Differences Between Dementia and Alzheimer’s Disease and Parkinson’s Disease

Since the word ‘dementia’ is used a lot, many people think that it is the name of a disease in itself. There is also a misconception that ‘Alzheimer’s disease’ or ‘Parkinson’s disease’ are different terms for ‘dementia’. However, dementia, Alzheimer’s disease, and Parkinson’s disease are completely different concepts.

‘Dementia’ is a term that encompasses symptoms that deteriorate daily functions.

Humans live by performing social roles based on cognitive functions. Dementia is the loss of cognitive function and the ability to engage in social activities. Dementia itself is not a diagnosis of a disease like ‘asthma’ or ‘bronchitis’. Dementia refers to a ‘symptom complex’ that causes difficulties in daily life as a result of complex symptoms such as memory impairment, behavioral disturbance, cognitive dysfunction (related to thinking, reasoning, language, etc.), personality change, and personality disorder.

‘Alzheimer’s disease’ and ‘Parkinson’s disease’, which are often confused with dementia, are actually ‘causal diseases’ that can cause symptoms of dementia. Simply put, patients with memory impairment, behavioral impairment, or cognitive impairment may have Alzheimer’s or Parkinson’s disease, a neurodegenerative disease. Dementia caused by Alzheimer’s disease accounts for about 50-60% of all dementias. It is known that 30-40% of patients with Parkinson’s disease show symptoms of dementia at the end of the disease.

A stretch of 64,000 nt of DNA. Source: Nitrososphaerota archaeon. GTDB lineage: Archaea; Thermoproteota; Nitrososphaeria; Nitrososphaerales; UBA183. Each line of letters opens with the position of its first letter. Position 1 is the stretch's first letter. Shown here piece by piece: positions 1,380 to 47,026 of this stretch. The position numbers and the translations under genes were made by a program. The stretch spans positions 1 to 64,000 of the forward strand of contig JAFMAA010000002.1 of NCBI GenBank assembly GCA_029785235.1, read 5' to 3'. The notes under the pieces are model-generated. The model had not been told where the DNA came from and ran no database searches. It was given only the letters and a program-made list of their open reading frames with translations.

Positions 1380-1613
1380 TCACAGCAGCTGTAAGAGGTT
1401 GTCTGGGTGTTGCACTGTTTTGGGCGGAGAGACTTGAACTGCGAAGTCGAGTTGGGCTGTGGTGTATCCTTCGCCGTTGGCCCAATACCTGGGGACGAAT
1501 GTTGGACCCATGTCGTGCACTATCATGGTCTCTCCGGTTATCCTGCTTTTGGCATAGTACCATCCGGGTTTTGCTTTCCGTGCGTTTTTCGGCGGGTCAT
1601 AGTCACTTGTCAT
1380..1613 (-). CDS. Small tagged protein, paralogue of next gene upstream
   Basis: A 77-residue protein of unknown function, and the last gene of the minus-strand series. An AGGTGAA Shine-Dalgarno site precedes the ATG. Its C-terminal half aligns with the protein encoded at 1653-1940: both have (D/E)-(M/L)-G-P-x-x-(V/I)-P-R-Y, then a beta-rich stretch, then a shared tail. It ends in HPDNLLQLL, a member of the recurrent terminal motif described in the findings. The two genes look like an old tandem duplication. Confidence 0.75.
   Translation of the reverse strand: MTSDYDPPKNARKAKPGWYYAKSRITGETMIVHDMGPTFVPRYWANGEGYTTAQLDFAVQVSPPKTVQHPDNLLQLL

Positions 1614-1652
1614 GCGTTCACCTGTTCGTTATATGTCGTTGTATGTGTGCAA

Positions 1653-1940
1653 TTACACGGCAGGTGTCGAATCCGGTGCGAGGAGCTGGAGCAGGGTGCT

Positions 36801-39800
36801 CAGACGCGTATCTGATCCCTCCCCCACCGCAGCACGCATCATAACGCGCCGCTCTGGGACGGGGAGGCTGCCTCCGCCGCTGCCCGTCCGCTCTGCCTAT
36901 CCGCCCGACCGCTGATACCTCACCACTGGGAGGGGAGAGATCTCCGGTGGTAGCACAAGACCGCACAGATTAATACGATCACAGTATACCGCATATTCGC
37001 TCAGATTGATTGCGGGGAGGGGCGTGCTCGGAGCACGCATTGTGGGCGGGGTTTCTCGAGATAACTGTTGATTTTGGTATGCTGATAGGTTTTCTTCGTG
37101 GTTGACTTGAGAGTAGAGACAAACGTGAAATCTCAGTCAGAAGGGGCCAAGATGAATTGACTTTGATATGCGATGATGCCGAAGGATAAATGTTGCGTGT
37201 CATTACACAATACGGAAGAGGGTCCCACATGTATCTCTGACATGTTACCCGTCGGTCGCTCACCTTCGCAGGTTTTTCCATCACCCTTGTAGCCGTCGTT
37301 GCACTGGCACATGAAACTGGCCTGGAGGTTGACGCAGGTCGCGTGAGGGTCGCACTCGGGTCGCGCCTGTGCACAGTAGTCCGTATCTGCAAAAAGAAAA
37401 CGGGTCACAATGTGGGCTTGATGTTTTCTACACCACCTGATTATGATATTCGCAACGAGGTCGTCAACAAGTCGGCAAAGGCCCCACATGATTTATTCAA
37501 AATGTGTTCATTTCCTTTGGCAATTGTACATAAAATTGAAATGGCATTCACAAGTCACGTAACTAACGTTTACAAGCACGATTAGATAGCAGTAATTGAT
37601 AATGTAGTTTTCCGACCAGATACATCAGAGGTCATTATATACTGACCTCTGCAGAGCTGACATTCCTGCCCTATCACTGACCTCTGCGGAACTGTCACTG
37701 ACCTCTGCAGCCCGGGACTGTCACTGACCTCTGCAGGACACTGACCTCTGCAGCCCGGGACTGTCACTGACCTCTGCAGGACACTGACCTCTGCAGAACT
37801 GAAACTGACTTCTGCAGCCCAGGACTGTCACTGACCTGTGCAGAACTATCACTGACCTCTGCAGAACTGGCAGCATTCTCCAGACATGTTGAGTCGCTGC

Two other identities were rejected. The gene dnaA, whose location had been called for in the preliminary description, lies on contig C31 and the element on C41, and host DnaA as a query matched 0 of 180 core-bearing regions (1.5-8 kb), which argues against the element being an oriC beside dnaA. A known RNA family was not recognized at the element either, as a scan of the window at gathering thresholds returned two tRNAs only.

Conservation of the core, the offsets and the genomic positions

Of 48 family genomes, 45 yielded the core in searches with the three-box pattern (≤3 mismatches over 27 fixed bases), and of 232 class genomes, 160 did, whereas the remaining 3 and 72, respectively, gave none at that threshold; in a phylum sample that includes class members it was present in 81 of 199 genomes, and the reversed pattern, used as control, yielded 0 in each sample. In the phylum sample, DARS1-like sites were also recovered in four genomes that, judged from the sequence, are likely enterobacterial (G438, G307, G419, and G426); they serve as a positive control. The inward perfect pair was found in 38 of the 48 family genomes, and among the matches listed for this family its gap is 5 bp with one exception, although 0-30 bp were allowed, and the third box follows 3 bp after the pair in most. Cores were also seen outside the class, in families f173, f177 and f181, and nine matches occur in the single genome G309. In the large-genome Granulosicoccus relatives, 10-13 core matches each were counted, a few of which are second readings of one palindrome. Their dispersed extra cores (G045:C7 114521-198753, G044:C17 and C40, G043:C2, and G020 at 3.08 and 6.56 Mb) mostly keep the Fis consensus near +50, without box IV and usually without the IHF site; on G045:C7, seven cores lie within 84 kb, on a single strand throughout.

There are various causes of dementia, such as Alzheimer’s disease, Parkinson’s disease, and decreased cerebral blood flow.

Dementia occurs for a variety of reasons, and the symptoms of dementia may vary slightly depending on the cause.​

In Alzheimer’s disease, neurons in areas of the brain that are important for maintaining intellectual abilities are lost or the amount of neurotransmitters that travel between neurons decreases. It starts with forgetfulness, and as the disease progresses, impairments in speech, comprehension, reading and writing skills occur.

Parkinson’s disease is a disease in which dopaminergic neurons in the substantia nigra are destroyed. Dopamine, a neurotransmitter, is involved in the precise movement of our body. As a result, Parkinson’s patients stiffen their body and limbs, making their movements dull, and their hands tremble when they are still. The patient may also have slurred speech or shortened stride length.

There are many causes of dementia besides Alzheimer’s and Parkinson’s. Vascular dementia is caused by narrowing or blockage of blood vessels in the brain, reducing the amount of blood flowing into the brain. In addition, degenerative brain diseases such as ‘Huntington’s disease’, in which nerve cells in a specific part of the brain are selectively destroyed, and ‘Creutzfeldt-Jakob disease’, in which the brain is perforated, can also lead to dementia.

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